A 99-year-old war veteran has walked 100 laps of his garden to raise £17m and counting for the NHS.
Captain Tom Moore originally aimed to raise just £1,000 for NHS Charities Together by completing laps of his garden before his 100th birthday.
But he has smashed his target after nearly 800,000 people made donations to his fundraising page.
As he finished the challenge earlier, he said: "I feel fine, I hope you're all feeling fine too."
Capt Tom told the BBC the total amount raised so far was "an absolutely fantastic sum of money".
"I never dreamt I would be involved in such an occasion as this," he said at the end of his final lap.
"The sun will shine on you again and the clouds will go away"
On Friday morning, Capt Tom's JustGiving page, which temporarily crashed after he finished the challenge nearly 24 hours earlier, was showing donations of more than £17m.
The total includes an undisclosed donation from the Duke of Cambridge, who also wrote to the World War Two veteran.
Capt Tom's daughter Hannah Ingram-Moore said: "We are absolutely floored by what has been achieved but we're so happy, so humbled and so proud.
"He's a beacon of hope in dark times and I think we all need something like this to believe in and it's for such an amazing cause."
His granddaughter, Georgia, added she was "very proud" of him.
Capt Tom began raising funds to thank the "magnificent" NHS staff who helped him with treatment for cancer and a broken hip.
With the aid of a walking frame, he completed 100 laps of the 25-metre (82ft) loop in his garden in Marston Moretaine, Bedfordshire, in 10-lap chunks well before his birthday on 30 April.
Tributes and messages of congratulations have poured in from politicians, celebrities and NHS workers, while a petition for him to receive a knighthood has been signed by more than 300,000 people so far.
Downing Street said Prime Minister Boris Johnson would "certainly be looking at ways to recognise" him.
"It would be marvellous to have such an honour but I don't expect anything like that," Capt Tom said.
A spokesman for Mr Johnson said Capt Tom had "captured the heart of the nation with his heroic efforts" and raised an "incredible amount" of money.
Chancellor Rishi Sunak said what he had done was "extraordinary" and "showed that the British spirit was as strong as it's ever been".
Brig Andrew Jackson, colonel of the Yorkshire Regiment, described Capt Tom as "an absolute legend" who came from "an exceptional generation that are still an inspiration for our Yorkshire soldiers today".
Celebrity judge Judy Sheindlin described the 99-year-old as "remarkable" while former F1 champion Damon Hill congratulated him on the "brilliant idea and for pulling it off".
'It will all be right'
Nurses on Ward 4 at the Royal University Hospital said: "Thank you so much for all your efforts and how much money you've raised for the NHS."
Capt Tom also received a special message from actor and singer Michael Ball, who described the challenge as "an extraordinary achievement" and sang "You'll Never Walk Alone" to him live on BBC Breakfast.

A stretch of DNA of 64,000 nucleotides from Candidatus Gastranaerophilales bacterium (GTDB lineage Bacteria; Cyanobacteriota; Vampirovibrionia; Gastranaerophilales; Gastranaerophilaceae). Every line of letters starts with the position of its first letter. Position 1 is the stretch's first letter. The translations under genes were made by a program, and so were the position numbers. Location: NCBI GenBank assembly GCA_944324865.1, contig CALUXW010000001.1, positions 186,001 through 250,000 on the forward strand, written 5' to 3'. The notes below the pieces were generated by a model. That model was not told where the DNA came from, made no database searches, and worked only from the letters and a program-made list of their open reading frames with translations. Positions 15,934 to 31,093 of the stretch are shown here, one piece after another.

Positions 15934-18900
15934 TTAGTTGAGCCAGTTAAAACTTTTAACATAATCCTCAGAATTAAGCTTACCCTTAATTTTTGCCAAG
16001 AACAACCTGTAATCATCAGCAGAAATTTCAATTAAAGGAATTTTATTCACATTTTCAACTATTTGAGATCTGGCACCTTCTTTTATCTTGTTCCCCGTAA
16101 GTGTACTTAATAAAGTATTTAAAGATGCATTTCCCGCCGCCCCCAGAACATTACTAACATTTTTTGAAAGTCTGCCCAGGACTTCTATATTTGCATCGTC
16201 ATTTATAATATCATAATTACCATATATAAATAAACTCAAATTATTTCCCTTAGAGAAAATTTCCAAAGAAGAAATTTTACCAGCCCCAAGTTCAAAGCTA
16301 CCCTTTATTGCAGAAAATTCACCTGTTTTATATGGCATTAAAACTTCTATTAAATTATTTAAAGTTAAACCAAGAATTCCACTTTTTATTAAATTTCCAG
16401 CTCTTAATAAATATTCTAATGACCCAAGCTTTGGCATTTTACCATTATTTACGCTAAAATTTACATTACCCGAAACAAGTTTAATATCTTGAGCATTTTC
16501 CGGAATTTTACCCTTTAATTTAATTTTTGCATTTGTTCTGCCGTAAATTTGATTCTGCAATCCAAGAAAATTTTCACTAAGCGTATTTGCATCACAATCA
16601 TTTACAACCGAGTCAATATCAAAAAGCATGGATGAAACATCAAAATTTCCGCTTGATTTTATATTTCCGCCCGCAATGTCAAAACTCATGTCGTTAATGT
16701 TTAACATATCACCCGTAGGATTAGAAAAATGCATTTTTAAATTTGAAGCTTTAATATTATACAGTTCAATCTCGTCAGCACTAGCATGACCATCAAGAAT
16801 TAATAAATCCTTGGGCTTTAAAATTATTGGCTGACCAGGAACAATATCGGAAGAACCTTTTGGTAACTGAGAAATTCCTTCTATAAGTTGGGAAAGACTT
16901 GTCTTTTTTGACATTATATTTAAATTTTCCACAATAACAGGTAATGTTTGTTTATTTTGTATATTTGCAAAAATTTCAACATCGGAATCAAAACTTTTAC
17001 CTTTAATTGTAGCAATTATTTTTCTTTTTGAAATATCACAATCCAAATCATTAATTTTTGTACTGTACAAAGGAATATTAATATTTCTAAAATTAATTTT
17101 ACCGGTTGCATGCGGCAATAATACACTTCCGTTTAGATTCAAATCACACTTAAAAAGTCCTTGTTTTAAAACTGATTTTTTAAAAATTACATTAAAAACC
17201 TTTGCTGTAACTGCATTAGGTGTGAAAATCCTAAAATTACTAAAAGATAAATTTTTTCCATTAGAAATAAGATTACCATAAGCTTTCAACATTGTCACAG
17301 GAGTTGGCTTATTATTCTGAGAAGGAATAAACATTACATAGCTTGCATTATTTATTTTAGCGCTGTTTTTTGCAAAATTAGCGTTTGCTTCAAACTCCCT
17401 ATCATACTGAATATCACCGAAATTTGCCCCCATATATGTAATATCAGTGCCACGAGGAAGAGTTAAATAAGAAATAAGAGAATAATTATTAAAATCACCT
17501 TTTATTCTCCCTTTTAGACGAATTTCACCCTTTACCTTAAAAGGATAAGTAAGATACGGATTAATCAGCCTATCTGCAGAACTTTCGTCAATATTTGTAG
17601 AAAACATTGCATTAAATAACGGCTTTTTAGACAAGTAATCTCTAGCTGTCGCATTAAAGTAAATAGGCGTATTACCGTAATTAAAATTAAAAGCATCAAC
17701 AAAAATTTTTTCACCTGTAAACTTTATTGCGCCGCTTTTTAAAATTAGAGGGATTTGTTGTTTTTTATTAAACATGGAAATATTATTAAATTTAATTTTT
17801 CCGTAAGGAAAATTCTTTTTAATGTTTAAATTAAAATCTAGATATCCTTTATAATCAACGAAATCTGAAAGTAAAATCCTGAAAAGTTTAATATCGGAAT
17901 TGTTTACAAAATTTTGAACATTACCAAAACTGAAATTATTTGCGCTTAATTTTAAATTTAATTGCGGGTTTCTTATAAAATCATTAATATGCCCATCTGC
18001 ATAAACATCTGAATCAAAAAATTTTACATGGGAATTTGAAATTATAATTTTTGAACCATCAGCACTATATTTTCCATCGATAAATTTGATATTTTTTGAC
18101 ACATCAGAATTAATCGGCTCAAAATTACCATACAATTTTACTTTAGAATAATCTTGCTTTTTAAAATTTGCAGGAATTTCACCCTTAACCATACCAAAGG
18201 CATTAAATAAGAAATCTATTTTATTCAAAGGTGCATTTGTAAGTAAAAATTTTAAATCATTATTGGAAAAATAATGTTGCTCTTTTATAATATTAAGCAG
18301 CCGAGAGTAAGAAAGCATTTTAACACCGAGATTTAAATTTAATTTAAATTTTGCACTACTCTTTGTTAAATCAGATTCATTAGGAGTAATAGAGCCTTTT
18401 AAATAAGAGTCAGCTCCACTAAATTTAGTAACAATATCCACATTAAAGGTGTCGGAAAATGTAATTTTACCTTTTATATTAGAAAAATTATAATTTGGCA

Shortly after he finished the fundraiser, the retired soldier had words of advice for the nation about coping with the coronavirus lockdown.
"You've all got to remember that we will get through it in the end, it will all be right," he said.
"For all those people finding it difficult at the moment, the sun will shine on you again and the clouds will go away."
More than 700,000 people from around the world have donated money to the fundraising page since it was set up last week.
Capt Tom, who is originally from Keighley in West Yorkshire, trained as a civil engineer before enlisting in the Army for World War Two, rising to captain and serving in India and Myanmar, also known as Burma.
The veteran said plans for his 100th birthday party in two weeks' time have been affected by the pandemic but that the national outpouring of love and support for him was "a party enough for me".
An online campaign by schoolgirl Reegan Davies to send him virtual cards started to gather pace this week and Marston Moretaine postmaster, Bill Chandi, said "hundreds of [birthday] cards are arriving already".
"I think there will be thousands but I will make room for Capt Tom's birthday cards somehow, that should be no problem.
"He is a regular visitor and has always got time and patience, he's a real gentleman."
NHS Charities Together, which support health service charities and will benefit from the funds, said it was "truly inspired and humbled" by his efforts.
Its chairman Ian Lush said about 150 charities would benefit from the money.
"It's extraordinary to see the amount of money and the outpouring of goodwill towards the NHS and towards all the NHS charities who will take good care with the money that he's raising," he said.
JustGiving confirmed it is the largest total ever raised in a single campaign on its site and it had itself donated £100,000 to Capt Tom's "amazing campaign".
"This is the largest donation JustGiving has ever made," a spokeswoman said.
"[The campaign is] the largest total raised on JustGiving, the fastest growing campaign on the platform and has attracted donations and media coverage from around the world."